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12.4: Peroxides and Superoxides

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    A peroxide is a compound containing an oxygen–oxygen single bond or the peroxide anion, O2-2.[1] The O−O group is called the peroxide group orperoxo group. In contrast to oxide ions, the oxygen atoms in the peroxide ion have an oxidation state of −1.

    The simplest stable peroxide is hydrogen peroxide. Superoxides, dioxygenyls, ozones and ozonides are considered separately. Peroxide compounds can be roughly classified into organic and inorganic. Whereas the inorganic peroxides have an ionic, salt-like character, the organic peroxides are dominated by the covalent bonds. The oxygen-oxygen chemical bond of peroxide is unstable and easily split into reactive radicals via homolytic cleavage. For this reason, peroxides are found in nature only in small quantities, in water, atmosphere, plants, and animals. Peroxide ion formation has recently been highlighted as one of the main mechanisms by which oxides accommodate excess oxygen in ionic crystals and may have a large impact on a range of industrial applications including solid oxide fuel cells.


    Superoxides are compounds in which the oxidation number of oxygen is −½. The O–O bond distance in O−2 is 1.33 Å, vs. 1.21 Å in O2 and 1.49 Å in O2−2. The salts CsO2, RbO2, KO2, and NaO2 are prepared by the direct reaction of O2 with the respective alkali metal. The overall trend corresponds to a reduction in the bond order from 2 (O2), to 1.5 (O2), to 1 (O22−).

    The alkali salts of O−2 are orange-yellow in color and quite stable, provided they are kept dry. Upon dissolution of these salts in water, however, the dissolved O−2 undergoes disproportionation (dismutation) extremely rapidly (in a pH dependent manner):

    \[4 O^{−2} + 2 H_2O → 3O_2 + 4 OH^−\]

    This reaction (with moisture and carbon dioxide in exhaled air) is the basis of the use of potassium superoxide as an oxygen source in chemical oxygen generators, such as those used on the space shuttle and on submarines. Superoxides are also used in firefighters' oxygen tanks in order to provide a readily available source of oxygen. In this process \(O^{−2}\) acts as a Brønsted base, initially forming the radical HO2·. But the pKa of its conjugate acid, hydrogen superoxide (HO2·, also known as "hydroperoxyl" or "perhydroxy radical"), is 4.88 so that at neutral pH 7 all but 0.3% of superoxide is in the anionic form, \(O^{−2}\).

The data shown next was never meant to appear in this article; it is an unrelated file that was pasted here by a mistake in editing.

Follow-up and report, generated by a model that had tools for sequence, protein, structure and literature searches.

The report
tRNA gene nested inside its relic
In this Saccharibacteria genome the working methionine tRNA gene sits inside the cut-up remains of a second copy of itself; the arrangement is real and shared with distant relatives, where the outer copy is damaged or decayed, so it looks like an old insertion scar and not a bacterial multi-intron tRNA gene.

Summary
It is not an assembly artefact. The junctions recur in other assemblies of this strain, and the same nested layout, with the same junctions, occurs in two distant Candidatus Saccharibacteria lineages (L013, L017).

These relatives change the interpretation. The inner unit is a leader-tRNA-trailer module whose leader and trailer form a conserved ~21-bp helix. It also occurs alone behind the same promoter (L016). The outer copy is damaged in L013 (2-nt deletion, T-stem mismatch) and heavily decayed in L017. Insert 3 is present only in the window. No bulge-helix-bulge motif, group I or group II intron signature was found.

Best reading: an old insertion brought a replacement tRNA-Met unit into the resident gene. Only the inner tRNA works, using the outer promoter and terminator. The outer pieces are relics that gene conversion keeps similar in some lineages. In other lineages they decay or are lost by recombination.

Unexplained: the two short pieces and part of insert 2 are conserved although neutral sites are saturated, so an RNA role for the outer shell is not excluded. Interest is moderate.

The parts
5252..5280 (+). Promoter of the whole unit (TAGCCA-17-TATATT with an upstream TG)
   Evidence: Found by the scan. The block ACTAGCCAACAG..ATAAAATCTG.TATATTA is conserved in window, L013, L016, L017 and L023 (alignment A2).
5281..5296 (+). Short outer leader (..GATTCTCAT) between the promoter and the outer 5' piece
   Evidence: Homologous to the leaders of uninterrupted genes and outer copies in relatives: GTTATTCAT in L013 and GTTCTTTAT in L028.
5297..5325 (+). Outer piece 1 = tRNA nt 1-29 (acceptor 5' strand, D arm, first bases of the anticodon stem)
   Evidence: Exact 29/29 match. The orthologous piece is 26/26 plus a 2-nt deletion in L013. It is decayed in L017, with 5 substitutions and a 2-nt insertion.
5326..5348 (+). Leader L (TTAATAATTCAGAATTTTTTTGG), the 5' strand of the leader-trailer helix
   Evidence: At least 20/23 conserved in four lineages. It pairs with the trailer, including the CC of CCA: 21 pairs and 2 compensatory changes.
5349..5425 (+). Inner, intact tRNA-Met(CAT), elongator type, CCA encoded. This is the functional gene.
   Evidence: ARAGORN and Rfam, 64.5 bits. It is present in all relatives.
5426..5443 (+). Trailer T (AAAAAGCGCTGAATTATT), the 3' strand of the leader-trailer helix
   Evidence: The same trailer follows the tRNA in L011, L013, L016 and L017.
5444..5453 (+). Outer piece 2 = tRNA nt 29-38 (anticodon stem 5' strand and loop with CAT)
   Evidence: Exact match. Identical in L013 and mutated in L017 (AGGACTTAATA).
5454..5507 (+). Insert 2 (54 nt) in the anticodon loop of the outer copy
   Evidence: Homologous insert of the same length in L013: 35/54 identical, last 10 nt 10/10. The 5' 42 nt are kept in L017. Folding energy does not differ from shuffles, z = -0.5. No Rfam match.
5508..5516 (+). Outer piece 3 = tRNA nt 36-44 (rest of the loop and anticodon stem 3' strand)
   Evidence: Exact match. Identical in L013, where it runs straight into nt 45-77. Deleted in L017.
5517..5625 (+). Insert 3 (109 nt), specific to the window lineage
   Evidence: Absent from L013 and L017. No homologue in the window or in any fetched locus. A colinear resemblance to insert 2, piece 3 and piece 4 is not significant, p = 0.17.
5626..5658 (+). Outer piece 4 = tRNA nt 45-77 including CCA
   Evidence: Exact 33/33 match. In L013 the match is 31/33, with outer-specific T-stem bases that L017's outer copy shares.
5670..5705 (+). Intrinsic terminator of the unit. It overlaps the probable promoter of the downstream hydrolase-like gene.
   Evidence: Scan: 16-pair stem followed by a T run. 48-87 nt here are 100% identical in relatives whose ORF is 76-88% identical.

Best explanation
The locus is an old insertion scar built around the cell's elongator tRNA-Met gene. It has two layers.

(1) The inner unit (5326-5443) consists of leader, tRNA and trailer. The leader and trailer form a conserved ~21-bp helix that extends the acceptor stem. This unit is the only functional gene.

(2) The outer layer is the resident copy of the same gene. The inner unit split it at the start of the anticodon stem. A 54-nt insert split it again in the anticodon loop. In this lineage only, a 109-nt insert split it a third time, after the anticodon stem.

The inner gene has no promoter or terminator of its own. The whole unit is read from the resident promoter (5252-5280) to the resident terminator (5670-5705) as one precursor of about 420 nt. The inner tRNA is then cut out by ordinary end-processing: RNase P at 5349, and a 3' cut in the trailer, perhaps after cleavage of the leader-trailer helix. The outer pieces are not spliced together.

Potassium superoxide can be dissolved in dimethyl sulfoxide (facilitated by crown ethers) and is stable as long as protons are not available. Superoxide can also be generated in aprotic solvents by cyclic voltammetry. Salts also decompose in the solid state, but this process requires heating:

    \[2 NaO_2 → Na_2O_2 + O_2\]

    The derivatives of dioxygen, O2, have characteristic O–O distances that correlate with the bond order of the O–O bond (Table 12.4.1).

    Table 12.4.1: Bond Distances
    Dioxygen compound name O–O distance in Å O–O bond order
    \(O^{+2}\) dioxygenyl cation 1.12 2.5
    \(O_2\) dioxygen 1.21 2
    \(O^{−2}\) superoxide 1.28 1.5
    \(O_2^{−2}\) peroxide 1.49 1


    A superoxide is a compound that contains the superoxide anion with the chemical formula \(O^{−2}\). The systematic name of the anion is dioxide(1−). Superoxide anion is particularly important as the product of the one-electron reduction of dioxygen O2, which occurs widely in nature.[2] Whereas molecular oxygen (dioxygen) is a diradical containing two unpaired electrons, the addition of a second electron fills one of its two degenerate molecular orbitals, leaving a charged ionic species with single unpaired electron and a net negative charge of −1. Both dioxygen and superoxide ion are free radicals that exhibit paramagnetism.


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    12.4: Peroxides and Superoxides is shared under a CC BY-NC-SA 4.0 license and was authored, remixed, and/or curated by LibreTexts.

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